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PJM may lose valuable capacity resources absent rule changes, stakeholders warn

Changes to PJM Interconnection LLC's forward capacity market construct that are about to go into effect will leave certain seasonal resources out in the cold unless the grid operator takes steps to ensure that they can meaningfully participate in the region's capacity auctions, according to a complaint filed recently with FERC.

The complaint (FERC docket EL17-32), tendered jointly by Old Dominion Electric Cooperative, Direct Energy Business and American Municipal Power Inc., asserted that enhancements PJM recently proposed to make to its capacity performance aggregation provisions are inadequate to address the impending elimination of the base capacity resource product from the market construct — referred to as the reliability pricing model, or RPM.

"Our concern with PJM's lack of accommodation of seasonal capacity performance resources is that it will remove from the RPM auctions valuable resources that have demonstrated reliability benefits, solely because they do not fit within the parameters forced by PJM," the complainants said.

Through its RPM, PJM secures capacity resources three years in advance of when those resources are expected to be needed. In an effort to ensure that resources committed as capacity are available to meet the region's reliability needs, FERC in June 2015 largely signed off on PJM's proposal to recognize two capacity products with different performance requirements and gradually phase out the lower-performing base capacity product by 2020.

PJM's next base residual capacity auction will be the first in which all resources must meet the more stringent requirements for capacity performance resources. However, PJM in November proposed to make certain changes (FERC docket ER17-367) to its capacity performance, or CP, rules allowing resources that cannot operate predictably all year to submit aggregate offers. Among other things, that proposal sought to eliminate a requirement that aggregated resources be within the same locational deliverability area.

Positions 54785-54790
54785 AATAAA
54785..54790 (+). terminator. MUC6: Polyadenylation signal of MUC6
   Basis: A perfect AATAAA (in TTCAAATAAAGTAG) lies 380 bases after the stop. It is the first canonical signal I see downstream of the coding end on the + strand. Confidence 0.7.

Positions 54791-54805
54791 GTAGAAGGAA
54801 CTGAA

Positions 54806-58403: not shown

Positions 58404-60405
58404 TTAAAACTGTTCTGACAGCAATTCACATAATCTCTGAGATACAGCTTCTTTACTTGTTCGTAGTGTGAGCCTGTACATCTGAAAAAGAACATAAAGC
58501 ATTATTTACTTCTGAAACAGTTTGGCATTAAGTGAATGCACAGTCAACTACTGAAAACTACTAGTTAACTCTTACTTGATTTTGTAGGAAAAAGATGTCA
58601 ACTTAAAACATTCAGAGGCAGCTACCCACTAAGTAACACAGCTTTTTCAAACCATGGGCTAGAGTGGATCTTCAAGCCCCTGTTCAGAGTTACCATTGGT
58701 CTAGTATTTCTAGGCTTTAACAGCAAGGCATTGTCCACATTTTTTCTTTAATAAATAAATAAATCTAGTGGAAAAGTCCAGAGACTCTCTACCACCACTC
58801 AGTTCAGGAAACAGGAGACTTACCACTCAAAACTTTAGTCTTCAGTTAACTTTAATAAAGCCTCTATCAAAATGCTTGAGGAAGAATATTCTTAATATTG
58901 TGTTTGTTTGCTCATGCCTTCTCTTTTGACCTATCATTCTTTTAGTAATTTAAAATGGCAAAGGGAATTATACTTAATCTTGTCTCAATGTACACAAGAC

But Old Dominion and the other complainants insisted that the proposal does not go far enough, and they asked FERC to initiate an investigation aimed at ensuring that seasonal resources, which include storage, intermittent, demand response, energy efficiency and environmentally limited resources, are not shut out from the upcoming base residual auction for the 2020/2021 delivery year and potentially lost to future auctions due to lack of viability.

"[W]hat we are seeking is for the commission to recognize, based on two years of experience with CP and taking into account the commission's continued policies for inclusiveness and diversity of resources, that the 'one size must fit all' approach of CP is neither necessary nor consistent with developing commission policy and, moreover, is to the detriment of the very resource diversity, reliability, economically efficient market outcomes and other benefits upon which the commission relied in approving CP," the complainants said.

The best approach, according to the complainants, would be for PJM to continue procuring the base capacity product for another year but implement an enhanced penalty structure that would "set the performance and offer incentives of [that] product in a manner comparable to the capacity performance product." Doing so would give the grid operator and its stakeholders time to develop a longer-term solution for ensuring that season resources can fully participate in the capacity auctions to the extent of their abilities.

"As opposed to the continued unfounded reliance that PJM's capacity construct will fail unless all resources are forced to mimic the mythical, always-available, traditional resource, complainants request that the commission recognize that there has been no demonstration that seasonal capacity performance resources cannot be accommodated in PJM's CP regime," the filing said.